Web 2.0 is dead. Social media and social networking are the new PR and advertising is blending into marketing is the new black and white newspapers are dinosaurs are still hot with the kid market your product as a human seeking a date with your customer not their wallet. Forget CEO, it's SEO, SEM, SMO, SMS, GPS, conversations, experiential, engagement, behavioral, digital, e, i, blog, blawg, vlog, pod, dig, cast, web, net, analytics, metrics, pay-per-click, micro, global, tweet, portal, virus is bad, viral is good. Can anyone hear me? Yes, loud and clear! The world is listening just as much as the world is talking.
We live in a world of paradoxes. We constantly want and resist change at the same time because of our basic needs for stability and variety, leaving us with an ever-present inner-struggle. Hence all the panic right now. I say we calm down a little and enjoy the ride, this recession part of a renaissance. A transformation. An evolution.
People are running around saying that the automobile industry is in trouble. Really? Are we suddenly not going to need to get around? *blows raspberry* Of course the automobile industry is in trouble, but only as we know it. Thank God! We've been using outdated technology – I look forward to clean, efficient, quick transportation. In fact I really look forward to teleporting, but that will take a bit longer.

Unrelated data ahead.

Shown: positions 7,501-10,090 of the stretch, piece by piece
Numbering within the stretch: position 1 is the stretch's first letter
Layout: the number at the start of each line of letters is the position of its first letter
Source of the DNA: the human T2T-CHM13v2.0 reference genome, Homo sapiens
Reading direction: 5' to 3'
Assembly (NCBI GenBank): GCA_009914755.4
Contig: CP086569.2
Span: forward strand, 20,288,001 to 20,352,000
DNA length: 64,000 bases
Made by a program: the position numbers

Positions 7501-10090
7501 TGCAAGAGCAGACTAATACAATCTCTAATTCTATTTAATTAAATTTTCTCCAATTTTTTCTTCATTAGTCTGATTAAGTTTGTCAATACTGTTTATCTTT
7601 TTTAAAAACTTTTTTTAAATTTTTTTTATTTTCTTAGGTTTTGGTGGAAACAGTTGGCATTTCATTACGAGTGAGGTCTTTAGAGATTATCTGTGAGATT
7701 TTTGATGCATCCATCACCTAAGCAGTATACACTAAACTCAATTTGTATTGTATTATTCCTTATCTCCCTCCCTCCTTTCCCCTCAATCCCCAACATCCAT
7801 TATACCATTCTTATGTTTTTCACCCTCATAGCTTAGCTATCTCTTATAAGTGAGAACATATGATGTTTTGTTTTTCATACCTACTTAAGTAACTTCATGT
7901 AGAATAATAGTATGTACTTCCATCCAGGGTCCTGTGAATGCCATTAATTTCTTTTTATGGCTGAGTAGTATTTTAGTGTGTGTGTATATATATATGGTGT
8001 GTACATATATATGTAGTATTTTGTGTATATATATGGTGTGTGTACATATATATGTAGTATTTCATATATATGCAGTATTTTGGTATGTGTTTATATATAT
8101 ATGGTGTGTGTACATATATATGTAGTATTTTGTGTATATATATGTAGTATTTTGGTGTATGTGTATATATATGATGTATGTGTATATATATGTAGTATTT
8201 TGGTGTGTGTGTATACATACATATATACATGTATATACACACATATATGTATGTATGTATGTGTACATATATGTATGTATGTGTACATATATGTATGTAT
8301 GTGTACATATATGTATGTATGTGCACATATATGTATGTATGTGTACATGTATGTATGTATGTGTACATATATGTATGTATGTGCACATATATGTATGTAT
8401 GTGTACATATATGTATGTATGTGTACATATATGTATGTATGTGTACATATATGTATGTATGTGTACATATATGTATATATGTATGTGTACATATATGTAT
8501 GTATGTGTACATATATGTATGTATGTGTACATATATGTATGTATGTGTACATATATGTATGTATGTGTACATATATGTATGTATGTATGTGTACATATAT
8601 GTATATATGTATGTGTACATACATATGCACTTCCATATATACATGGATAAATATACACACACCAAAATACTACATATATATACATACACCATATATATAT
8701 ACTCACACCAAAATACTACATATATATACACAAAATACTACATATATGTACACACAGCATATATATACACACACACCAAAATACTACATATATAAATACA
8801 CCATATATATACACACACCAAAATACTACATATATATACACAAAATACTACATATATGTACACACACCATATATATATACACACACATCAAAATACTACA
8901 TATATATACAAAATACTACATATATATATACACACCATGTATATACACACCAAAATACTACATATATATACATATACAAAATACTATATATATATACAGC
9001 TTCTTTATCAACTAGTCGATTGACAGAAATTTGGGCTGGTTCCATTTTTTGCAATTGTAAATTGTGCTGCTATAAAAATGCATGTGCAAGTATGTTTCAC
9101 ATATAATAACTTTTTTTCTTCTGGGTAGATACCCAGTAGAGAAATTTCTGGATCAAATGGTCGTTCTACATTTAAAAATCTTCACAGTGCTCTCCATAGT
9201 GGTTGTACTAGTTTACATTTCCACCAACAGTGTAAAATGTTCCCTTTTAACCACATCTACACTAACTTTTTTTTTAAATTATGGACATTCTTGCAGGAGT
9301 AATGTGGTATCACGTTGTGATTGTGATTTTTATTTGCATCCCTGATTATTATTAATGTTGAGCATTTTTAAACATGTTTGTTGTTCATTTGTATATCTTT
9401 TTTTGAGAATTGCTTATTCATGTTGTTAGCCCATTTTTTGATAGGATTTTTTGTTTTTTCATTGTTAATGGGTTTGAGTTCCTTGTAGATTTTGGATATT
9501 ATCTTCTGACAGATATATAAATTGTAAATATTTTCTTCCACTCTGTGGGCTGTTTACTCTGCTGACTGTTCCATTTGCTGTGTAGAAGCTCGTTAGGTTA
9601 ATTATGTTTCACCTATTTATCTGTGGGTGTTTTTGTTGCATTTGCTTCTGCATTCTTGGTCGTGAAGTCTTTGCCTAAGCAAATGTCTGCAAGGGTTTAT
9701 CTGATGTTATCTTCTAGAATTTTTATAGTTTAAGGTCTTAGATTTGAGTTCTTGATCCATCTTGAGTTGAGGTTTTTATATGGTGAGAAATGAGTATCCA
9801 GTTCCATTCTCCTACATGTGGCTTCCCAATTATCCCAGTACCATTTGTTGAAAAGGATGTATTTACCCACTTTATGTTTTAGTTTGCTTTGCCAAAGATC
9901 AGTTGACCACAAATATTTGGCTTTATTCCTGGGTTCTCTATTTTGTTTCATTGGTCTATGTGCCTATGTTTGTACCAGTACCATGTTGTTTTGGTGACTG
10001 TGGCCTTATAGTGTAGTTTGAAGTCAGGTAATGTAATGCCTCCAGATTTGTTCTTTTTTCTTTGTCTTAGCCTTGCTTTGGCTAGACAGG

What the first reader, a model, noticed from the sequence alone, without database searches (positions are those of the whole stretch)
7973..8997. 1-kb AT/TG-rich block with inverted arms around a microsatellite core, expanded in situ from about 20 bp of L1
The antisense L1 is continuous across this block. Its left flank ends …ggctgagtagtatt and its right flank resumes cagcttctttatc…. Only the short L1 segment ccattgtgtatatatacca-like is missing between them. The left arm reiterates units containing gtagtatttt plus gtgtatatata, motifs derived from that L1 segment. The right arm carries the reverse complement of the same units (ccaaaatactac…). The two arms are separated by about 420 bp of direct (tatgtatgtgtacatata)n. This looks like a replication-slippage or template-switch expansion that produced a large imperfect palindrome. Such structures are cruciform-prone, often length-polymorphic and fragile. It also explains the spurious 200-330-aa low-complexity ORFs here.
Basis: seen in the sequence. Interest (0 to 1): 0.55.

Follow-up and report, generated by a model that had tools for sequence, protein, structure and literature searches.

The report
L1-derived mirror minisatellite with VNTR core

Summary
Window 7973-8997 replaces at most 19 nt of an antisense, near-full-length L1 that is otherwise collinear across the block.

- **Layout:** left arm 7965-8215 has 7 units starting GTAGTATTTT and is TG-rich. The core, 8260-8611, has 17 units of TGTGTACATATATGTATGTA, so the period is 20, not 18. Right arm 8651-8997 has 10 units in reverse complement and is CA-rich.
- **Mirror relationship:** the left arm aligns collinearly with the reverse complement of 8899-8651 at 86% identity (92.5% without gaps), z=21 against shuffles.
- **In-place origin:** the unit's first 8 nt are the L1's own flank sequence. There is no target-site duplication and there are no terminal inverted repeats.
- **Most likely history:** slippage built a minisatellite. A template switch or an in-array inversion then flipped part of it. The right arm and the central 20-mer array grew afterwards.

It's not any one industry that is undergoing metamorphosis, it's industry itself. Everything is changing – corporate structure, systems, religions, expectations... we are in a renaissance of science and culture.
The advertising industry is no exception. Technology has given us a whole new world of media, and has shifted the powers around to level the communications playing field between the consumers and the marketers. This is exciting! We are all both consumer and marketer to whatever degree, so it's good for everyone. The trick is to jump in with an open mind and to let go of the old games. It's time to redefine, for a greater good.
During artistic renaissances, there are a plethora of artists that sprout up and help push up the concrete institutions, but only certain people really get it right and are remembered for it. So who are the Michaelangelos of the ad industry during this renaissance we're going through? How can we tell the hacks from the masters? The trick might be to watch for people who practice the very thing they should be preaching right now: honesty.
Above all else, this level playing field has forced honesty, and if a marketing company is telling its clients that they need to have "honest conversations" with their consumers, then the marketing company should be having one too. That means admitting that no one is an expert right now because things are changing too fast. There are strong players, though. These players are out there not just speaking the new language, but questioning and redefining it as they go, faster than Googles changes its SEO criteria.
So engage in the conversation whether you're a marketer or a consumer, because really, you're both.